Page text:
In his life on earth, the Lord Jesus was moving toward a full union: toward a seamless flow from the divine heart of his infinite divine love, through his divine mind (the "divine rationality" that we have been talking about in other sermons), into his words and actions. If we watch him in action in the Gospel stories, we see that there is no hesitation in his words. He acts immediately from the heart, but also with great intelligence and wisdom. Looking at the Lord's life, we see the seamless flowing of a spirit that is one within itself.

I hasten to add that we also see times when the Lord struggles within himself. It was not until the very end of his life--until after his crucifixion, until the resurrection--that he achieved full oneness. Yet we can see his oneness illustrated during his life in his interactions with the people, with the scribes and Pharisees, and especially with his closest disciples.

We, too, are moving toward a oneness--though at a finite, limited level, in contrast to the infinite oneness that the Lord achieved. And it takes us a lifetime to achieve the level of inner oneness that we are capable of.

Swedenborg gives the example of learning to walk. When we are little and we are learning to walk, it is hard work. As one-year-olds, and we are determined to get up and walk. It doesn't matter how many times we fall. We keep on trying and trying. We keep on working at it until we are finally able to walk. At first it takes all of our concentration. We may be walking along doing fine, and then somebody says something to us and we look up . . . and boom! Over we go! We can't pay attention to walking and listen to someone talking at the same time. Just walking requires all our concentration.

But as we walk more and more, it gets to be second nature. Soon we don't even think about it. How many of us think, as we are walking down the road, "Now let's see . . . first I have to put my right foot forward, then I have to put my left foot forward"? We don't think about it anymore because it has become part of our character.

This is what Swedenborg means when he speaks of truth moving from the level of our external, material mind into our inner selves. When the truth moves into our inner selves it becomes part of us. We no longer even have to think about it; we just act on it. We experience this in many ways: in having children and figuring out how to raise them; in going into a new career and having to learn how to do work; and so on. Whenever we start something new, it is always a challenge. We have to think hard about it and work at it. Then as time goes by we become good at it, and it becomes second nature.

It is the same with our spiritual life. Whenever we start a new phase of our spiritual life, we have to work at it, we have to try hard, and it seems very difficult.

To give another example from outward life, other day my son Chris was practicing his guitar. He is just fine picking out a melody on the strings. But for some reason he has a mental block about playing chords. We asked him to play the songs that have chords, and he just kept saying, "I can't do it! I can't do it." We said to him, "Of course you can. And if you're not going to, you might as well not take guitar lessons, because you are won't be able to play guitar if you don't play chords." He just kept saying, "I can't do it! I can't do it!" I went upstairs, and a few minutes later I heard guitar chords floating up the stairs. It wasn't that he couldn't do it; it was that it was a struggle for him, and he didn't want to.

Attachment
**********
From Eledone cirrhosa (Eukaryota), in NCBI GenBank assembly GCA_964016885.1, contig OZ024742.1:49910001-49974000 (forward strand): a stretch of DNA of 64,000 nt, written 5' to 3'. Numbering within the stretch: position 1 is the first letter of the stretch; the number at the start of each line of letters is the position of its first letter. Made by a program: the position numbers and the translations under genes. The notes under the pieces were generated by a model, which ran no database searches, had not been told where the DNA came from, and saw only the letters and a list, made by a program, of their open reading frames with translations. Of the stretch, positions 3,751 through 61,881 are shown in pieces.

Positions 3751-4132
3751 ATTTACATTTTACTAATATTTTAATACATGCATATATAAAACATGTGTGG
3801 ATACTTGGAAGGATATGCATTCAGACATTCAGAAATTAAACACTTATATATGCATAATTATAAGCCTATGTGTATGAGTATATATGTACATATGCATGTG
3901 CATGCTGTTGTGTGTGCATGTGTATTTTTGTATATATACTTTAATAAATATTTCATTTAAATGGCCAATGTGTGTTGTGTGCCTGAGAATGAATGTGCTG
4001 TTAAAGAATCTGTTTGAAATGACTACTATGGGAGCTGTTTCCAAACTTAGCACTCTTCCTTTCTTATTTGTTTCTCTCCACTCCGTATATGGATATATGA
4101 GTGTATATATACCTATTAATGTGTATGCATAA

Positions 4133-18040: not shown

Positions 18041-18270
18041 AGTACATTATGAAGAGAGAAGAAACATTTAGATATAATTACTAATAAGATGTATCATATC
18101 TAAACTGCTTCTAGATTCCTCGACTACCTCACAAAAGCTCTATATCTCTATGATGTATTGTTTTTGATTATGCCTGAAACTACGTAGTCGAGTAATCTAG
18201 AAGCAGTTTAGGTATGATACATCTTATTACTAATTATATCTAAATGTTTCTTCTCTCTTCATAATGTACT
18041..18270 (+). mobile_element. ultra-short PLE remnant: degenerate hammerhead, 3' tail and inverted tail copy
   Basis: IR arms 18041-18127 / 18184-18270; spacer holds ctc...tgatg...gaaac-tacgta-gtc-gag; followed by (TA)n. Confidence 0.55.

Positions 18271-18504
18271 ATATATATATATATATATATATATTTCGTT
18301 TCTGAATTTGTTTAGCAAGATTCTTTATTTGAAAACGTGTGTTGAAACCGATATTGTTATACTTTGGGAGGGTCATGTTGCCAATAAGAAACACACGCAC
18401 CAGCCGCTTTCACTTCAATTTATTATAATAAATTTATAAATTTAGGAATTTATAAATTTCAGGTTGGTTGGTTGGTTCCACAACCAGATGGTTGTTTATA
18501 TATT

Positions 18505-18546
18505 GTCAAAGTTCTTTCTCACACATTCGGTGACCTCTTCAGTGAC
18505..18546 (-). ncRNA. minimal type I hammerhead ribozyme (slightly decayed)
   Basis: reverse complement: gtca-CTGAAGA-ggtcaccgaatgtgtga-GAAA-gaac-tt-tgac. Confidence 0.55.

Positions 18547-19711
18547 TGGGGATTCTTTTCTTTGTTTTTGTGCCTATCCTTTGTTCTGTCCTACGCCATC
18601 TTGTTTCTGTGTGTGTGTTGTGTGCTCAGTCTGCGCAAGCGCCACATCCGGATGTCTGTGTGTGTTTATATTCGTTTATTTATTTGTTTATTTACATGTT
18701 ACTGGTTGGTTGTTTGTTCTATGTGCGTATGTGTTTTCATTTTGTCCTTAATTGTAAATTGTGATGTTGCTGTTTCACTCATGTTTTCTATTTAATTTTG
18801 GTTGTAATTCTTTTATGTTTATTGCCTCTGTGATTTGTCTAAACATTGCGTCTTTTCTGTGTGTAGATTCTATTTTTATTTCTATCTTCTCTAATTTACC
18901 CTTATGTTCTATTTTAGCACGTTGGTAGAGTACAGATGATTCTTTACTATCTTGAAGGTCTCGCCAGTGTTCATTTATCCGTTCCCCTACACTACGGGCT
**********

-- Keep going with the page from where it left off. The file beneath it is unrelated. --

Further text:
That's how it is for us when we turn over a new leaf. It's a struggle, and we don't really want to do it--to speak a nice word instead of a nasty one, to do the dishes when we'd rather watch television, to go the extra mile in anything. But if we can make it through, we get to the point where the thing that seemed so hard at first just becomes a part of who we are, and is built that right into our character.

We get married and become one within ourselves when we have gone through the struggle; when our head and heart have gotten to a point where they work together, and we are at one with ourselves, loving, believing, and doing what is good and right. This is a lifetime process. We go through it over and over again in little ways. And in the course of our entire lifetime we also go through a process of gradually bringing our heart and our head together, centered around loving God and loving one another.

This is what Jesus is talking about in our reading from Matthew. When we put our love into practice, and show our light in our actions, that is when our light is not hidden under a bowl, but is put on stand. We let our light of truth shine when we put it on the stand of good deeds.

We may think that truth is all about believing and talking. But truth is really about acting. It is about guiding us on the right path in our lives. And when, in our actions toward everyone around us--toward our marital partner, toward our family, our friends, our coworkers--we let our spiritual beliefs guide our actions, we are putting our light on a stand. Even if it is hard at first, the more we live out our beliefs, the more our light shines out.

When we can do this, we are spiritually married: our heart and our head are one, and they are working through our hands. And then, as Jesus says, "our light will shine before people, so that they may see our good deeds, and praise our Father in heaven." Amen.

 

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Painting: The Crown of Love
by John Everett Millais, 1875

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Music: Heart and Soul
Bruce DeBoer